LRTimelapse is an additional piece of software that works in conjuction with Lightroom Classic. Now, you don’t have to use this method, as there’s a much more straightforward workflow with Photoshop, but it unlocks another level of control, where you can automate the setting of virtually any adjustment with keyframes, and furthermore, it includes a workflow for Holy Grail timelapses that go from day to night. It’s too much to go into detail here, and it can be a bit of a beast to learn, but once you get your head around it, you won’t turn back.

At this point, I have LRTimelapse compile the time lapse sequence into a ProRes video file, which I export at the full resolution of the camera, which in this case is 4240x2832. It’s larger than 4K (3840x2160), which gives me some room to move the video around or zoom in and out within Premiere, adding another layer of movement.

In Adobe Premiere, I’ll make further tweaks and adjustments like vibrancy, contrast, and sharpness, amongst others, and add a crucial element… music! I use Epidemic Sound, but there are a lot of great choices out there for Royalty Free music and sound fx.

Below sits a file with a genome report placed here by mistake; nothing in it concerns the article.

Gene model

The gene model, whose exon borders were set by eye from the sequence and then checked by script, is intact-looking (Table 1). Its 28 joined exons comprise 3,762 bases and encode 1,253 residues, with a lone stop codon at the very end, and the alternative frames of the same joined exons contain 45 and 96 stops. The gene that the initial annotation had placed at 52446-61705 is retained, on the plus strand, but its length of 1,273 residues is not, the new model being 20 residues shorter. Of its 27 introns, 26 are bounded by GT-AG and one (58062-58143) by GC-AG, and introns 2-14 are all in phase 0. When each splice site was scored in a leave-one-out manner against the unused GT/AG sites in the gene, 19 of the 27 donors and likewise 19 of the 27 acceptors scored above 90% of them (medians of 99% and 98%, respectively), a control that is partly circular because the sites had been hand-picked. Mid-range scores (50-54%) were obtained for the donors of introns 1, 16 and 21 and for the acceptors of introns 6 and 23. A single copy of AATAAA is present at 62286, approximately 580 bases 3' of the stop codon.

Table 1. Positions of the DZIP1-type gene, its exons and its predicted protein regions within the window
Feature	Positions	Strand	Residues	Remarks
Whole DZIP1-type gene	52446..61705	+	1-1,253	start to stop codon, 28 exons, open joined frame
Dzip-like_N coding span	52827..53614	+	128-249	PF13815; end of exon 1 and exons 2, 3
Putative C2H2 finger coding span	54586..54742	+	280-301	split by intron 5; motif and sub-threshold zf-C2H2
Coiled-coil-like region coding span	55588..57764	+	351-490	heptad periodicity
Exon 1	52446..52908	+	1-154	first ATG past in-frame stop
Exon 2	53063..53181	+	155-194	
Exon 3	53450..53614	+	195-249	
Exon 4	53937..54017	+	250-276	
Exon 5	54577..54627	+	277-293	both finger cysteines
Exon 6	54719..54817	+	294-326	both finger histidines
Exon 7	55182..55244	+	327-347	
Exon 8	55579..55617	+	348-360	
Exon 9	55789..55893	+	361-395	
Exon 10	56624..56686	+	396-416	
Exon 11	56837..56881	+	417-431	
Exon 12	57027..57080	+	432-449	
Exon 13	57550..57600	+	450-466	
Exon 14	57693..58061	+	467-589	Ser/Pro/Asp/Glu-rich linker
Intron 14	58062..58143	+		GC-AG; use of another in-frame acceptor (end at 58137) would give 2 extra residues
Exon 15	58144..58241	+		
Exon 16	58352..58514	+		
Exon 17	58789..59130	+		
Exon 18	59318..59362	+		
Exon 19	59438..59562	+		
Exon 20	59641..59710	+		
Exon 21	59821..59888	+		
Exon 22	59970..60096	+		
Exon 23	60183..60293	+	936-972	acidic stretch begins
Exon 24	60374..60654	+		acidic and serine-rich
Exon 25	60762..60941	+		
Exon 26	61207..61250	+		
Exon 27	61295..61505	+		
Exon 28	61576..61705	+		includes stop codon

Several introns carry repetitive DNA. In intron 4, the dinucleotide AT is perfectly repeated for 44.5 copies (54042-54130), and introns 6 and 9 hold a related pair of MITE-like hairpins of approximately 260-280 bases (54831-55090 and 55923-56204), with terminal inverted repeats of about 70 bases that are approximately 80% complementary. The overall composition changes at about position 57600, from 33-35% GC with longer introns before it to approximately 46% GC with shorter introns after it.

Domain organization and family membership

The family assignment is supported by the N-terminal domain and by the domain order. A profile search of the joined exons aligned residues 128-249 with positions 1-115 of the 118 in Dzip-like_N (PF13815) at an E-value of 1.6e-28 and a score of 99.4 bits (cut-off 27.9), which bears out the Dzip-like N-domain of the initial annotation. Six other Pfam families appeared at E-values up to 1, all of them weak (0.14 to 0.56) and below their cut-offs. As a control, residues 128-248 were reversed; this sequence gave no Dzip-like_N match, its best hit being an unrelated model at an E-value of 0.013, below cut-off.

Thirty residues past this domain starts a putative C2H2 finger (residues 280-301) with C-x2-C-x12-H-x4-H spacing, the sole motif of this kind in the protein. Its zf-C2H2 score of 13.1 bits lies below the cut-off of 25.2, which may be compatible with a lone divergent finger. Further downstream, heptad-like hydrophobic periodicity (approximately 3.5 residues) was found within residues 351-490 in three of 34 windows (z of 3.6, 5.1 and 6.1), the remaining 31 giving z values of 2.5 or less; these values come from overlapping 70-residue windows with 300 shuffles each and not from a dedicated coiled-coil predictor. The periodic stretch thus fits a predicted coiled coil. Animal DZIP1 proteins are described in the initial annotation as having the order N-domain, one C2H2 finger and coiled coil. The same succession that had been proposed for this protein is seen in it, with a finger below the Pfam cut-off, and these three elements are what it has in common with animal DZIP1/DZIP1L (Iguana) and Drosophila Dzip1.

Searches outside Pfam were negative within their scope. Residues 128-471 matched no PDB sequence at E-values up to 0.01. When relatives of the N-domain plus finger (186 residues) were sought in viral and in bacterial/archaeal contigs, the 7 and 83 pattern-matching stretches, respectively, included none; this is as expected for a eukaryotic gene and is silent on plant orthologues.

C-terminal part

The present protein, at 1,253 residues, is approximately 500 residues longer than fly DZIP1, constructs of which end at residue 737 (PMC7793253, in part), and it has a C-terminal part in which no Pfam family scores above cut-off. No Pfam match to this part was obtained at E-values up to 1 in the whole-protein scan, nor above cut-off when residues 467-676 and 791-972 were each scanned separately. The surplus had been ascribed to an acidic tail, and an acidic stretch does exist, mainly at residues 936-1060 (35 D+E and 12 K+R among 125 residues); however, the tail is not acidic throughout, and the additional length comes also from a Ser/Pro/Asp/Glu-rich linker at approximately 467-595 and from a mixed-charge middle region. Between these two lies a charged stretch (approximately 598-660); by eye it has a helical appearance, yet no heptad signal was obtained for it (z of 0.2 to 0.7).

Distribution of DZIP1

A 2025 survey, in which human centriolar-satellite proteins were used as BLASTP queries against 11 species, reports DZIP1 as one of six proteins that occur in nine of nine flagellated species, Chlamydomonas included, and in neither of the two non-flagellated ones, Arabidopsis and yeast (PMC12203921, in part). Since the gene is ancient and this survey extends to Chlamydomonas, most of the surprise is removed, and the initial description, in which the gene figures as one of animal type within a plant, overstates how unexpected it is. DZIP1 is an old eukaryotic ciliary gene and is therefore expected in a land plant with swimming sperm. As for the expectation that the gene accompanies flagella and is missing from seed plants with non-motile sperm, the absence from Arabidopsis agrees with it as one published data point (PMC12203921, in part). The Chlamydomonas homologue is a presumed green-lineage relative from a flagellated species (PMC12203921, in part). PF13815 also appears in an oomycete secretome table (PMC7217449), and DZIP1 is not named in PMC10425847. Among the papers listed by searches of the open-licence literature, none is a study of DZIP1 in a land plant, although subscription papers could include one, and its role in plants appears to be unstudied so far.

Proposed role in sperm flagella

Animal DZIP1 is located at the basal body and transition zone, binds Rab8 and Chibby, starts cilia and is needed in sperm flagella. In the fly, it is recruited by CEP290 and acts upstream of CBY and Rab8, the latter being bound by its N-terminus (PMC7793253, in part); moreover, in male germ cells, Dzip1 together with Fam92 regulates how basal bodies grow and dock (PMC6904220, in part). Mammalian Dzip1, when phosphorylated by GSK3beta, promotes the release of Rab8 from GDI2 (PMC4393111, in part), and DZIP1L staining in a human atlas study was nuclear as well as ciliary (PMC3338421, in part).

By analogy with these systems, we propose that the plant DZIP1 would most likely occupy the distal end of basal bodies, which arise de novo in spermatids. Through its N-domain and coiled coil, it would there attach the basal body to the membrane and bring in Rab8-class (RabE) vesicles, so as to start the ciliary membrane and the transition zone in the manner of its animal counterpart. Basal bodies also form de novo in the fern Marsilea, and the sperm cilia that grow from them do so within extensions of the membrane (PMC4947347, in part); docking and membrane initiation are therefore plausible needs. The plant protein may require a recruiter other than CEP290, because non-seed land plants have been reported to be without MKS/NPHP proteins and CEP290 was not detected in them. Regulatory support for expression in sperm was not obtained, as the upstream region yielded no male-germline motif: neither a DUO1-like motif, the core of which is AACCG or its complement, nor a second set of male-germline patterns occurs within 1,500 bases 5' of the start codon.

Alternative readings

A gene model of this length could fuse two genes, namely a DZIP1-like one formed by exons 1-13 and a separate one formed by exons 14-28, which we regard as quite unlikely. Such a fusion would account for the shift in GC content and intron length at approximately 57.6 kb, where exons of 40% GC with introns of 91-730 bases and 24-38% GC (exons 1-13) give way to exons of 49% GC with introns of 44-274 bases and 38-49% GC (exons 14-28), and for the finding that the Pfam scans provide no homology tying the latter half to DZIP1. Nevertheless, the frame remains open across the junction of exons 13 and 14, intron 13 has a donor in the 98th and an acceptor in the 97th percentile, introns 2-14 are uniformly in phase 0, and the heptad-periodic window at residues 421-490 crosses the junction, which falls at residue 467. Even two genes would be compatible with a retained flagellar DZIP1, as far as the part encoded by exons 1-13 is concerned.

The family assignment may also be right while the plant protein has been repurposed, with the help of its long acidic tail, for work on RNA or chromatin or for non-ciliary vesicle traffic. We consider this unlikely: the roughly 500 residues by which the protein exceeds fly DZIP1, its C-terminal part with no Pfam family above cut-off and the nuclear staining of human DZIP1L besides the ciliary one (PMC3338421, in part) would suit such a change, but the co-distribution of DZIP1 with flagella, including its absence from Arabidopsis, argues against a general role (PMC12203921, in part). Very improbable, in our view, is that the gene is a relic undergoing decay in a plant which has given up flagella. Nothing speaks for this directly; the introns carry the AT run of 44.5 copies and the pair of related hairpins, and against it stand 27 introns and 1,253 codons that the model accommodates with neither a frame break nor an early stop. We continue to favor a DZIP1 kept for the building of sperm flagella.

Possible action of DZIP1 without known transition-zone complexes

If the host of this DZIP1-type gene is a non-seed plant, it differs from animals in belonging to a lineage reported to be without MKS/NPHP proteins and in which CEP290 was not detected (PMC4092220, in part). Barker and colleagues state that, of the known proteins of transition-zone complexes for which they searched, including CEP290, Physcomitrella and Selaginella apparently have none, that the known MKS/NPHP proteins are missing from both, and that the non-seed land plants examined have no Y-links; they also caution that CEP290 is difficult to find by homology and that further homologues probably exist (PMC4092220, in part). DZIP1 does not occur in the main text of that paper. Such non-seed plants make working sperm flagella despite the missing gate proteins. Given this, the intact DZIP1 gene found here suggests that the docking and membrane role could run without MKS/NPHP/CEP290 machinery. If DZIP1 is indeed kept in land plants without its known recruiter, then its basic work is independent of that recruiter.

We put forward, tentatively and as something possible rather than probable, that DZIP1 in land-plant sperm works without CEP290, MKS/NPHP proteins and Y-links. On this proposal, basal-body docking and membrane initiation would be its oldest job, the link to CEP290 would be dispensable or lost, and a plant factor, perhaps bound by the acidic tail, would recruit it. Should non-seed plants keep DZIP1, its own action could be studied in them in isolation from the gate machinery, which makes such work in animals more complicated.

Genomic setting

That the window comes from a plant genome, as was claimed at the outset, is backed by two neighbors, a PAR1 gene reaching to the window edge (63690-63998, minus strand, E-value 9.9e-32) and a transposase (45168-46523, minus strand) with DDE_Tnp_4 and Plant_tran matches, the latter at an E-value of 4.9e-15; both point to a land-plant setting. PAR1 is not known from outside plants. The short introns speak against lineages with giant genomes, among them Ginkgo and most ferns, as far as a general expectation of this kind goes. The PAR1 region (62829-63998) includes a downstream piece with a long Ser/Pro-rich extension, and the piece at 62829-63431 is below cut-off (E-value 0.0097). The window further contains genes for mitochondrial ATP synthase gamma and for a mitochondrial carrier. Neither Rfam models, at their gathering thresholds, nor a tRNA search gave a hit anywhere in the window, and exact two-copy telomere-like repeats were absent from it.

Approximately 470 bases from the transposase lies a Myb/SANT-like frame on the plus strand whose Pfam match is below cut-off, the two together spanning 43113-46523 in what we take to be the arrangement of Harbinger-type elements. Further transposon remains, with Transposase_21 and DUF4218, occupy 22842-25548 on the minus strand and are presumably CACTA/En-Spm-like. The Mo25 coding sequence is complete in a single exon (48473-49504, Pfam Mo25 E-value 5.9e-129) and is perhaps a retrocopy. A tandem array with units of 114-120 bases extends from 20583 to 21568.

After all this was done, I plucked a single frame from the sequence, and edited it as a still photograph with Lightroom Classic, Photoshop, and Topaz Gigapixel AI, with an additional mirrored composition.

I call this image “Reaching for Eternity.”

By the way, if you look carefully at the 6 second mark, you can briefly see a little critter in the lower left coming up to inspect my setup.

If you’d like to get some time lapse training in the field, check out our Time Lapse Workshop scheduled for May 2024.

Robert Oleysyck is a professional photographer, time lapse film maker, and video producer who owns a creative agency in Las Vegas.

All In Creative Agency:

These images are available as fine art prints here: